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Regional heads grappling with transportation challenge

Regional heads grappling with transportation challenge

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PORT OF SPAIN, Trinidad – Guyana’s President Dr Irfaan Ali, on riday said Caribbean Community (CARICOM) leaders are prepared to hold discussions with the regional private sector on the issue of transportation in the region as efforts continue to reduce the Caribbean high food import bill as well as improve intra-regional trade.

“The leaders have made it very clear, we are willing to sit with such a consortium an come up with a menu of measures and incentives that will allow you the space to operate in a very viable manner and fixing the transport and logistic problem,” Ali told the opening ceremony of the three-day Regional Agri Investment Forum and Expo II.

“We cannot sit back in the private sector and expect that the government must create an environment all the time. The government is an enabler, it is an enabler…to open up the opportunities. We have to stop work in a selfish way in the region at every level and private sector need to come together, understand the scale of opportunity, scale their thinking up and go after the opportunity and put the pressure back on the heads in the region to say we are ready come on board and let us together form a partnership to solve this problem.”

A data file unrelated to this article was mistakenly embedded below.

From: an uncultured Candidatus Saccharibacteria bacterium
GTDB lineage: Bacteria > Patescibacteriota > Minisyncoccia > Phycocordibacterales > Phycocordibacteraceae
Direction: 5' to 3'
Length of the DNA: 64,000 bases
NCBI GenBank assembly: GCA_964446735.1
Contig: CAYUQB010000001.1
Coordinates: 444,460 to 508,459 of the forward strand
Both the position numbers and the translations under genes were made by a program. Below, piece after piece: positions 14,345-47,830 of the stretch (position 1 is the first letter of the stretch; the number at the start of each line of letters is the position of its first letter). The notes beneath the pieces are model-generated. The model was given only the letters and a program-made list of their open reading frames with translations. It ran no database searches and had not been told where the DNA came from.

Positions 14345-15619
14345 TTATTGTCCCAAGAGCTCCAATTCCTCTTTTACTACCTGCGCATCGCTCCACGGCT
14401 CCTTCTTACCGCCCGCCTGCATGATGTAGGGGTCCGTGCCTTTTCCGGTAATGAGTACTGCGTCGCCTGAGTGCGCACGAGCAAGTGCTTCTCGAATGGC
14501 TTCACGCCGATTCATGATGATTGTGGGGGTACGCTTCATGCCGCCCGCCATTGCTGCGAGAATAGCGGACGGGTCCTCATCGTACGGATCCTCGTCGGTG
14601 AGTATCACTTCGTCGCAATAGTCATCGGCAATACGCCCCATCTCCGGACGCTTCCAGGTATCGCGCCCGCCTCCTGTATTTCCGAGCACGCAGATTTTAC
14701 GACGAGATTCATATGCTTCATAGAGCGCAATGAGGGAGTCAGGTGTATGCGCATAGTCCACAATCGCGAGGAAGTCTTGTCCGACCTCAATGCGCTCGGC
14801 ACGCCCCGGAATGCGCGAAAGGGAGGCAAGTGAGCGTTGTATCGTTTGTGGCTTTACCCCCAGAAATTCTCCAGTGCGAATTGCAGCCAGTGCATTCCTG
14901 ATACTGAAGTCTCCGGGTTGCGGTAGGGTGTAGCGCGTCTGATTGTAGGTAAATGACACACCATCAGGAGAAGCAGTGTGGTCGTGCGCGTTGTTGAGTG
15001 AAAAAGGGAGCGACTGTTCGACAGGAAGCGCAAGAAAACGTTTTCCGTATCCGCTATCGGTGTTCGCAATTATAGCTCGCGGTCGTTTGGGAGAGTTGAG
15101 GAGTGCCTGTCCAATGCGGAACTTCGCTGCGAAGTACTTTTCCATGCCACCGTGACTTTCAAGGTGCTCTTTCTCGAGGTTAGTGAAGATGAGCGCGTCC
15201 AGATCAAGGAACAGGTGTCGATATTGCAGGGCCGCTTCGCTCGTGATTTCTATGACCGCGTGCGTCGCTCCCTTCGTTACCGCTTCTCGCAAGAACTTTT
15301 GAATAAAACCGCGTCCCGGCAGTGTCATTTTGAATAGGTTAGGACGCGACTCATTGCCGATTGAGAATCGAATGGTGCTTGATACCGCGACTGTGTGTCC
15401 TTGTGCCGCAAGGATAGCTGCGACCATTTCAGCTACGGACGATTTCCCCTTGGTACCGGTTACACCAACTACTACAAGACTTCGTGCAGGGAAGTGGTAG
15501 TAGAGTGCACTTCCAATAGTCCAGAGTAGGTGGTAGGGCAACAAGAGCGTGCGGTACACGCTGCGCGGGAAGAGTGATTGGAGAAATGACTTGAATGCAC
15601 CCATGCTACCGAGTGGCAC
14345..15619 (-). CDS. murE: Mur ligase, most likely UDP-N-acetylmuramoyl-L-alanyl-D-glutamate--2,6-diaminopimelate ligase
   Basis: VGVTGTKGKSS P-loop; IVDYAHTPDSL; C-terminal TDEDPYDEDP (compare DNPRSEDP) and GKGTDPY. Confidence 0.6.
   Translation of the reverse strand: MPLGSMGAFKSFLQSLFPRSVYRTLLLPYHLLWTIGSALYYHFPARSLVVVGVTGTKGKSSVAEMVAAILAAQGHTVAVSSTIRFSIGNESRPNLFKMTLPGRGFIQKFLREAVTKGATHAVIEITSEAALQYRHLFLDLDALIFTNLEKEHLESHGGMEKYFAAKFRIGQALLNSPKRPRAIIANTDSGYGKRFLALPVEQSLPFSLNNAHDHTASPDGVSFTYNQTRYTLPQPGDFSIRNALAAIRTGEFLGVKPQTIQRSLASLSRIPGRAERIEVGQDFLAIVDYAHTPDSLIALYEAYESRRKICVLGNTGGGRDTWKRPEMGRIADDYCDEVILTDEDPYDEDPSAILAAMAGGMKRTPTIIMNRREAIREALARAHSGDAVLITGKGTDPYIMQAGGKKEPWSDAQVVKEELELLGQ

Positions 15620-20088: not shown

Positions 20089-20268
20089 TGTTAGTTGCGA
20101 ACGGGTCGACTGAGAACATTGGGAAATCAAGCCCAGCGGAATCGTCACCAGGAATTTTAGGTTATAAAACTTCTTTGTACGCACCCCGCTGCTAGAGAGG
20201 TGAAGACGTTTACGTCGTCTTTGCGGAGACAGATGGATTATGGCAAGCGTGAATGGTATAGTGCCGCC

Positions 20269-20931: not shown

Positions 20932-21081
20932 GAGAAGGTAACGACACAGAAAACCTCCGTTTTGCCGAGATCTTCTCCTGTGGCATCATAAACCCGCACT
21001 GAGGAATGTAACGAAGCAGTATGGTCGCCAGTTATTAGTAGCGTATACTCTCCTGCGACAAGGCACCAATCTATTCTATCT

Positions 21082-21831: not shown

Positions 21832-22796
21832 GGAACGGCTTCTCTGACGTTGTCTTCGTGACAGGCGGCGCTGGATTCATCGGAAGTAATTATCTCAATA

Ali warned that if not then the private sector would give the regional leaders “no other choice but to go extra regional.

“You know I always say back home we like to gaffe a lot in the region. If we are to really move things forward it takes a collective approach and that is what we are pushing,” he said.

Barbados Prime Minister Mia Mottley said the region has to confront the difficult issues of transport with respect to the maritime and the air.

“Heads are working, but as I said at the beginning this is a work in progress and regrettably we have not yet reached the point where we can deal with this in a way that is necessary. We need to look at what air transport there is for the perishables and see how we can support the movement on it,” she added.

Trinidad and Tobago’s Prime Minister Dr Keith Rowley told the ceremony that the free movement of services, of produce, products and finance within CARICOM “which is not taking place is probably the greatest impediment to any change in our circumstances”. (CMC)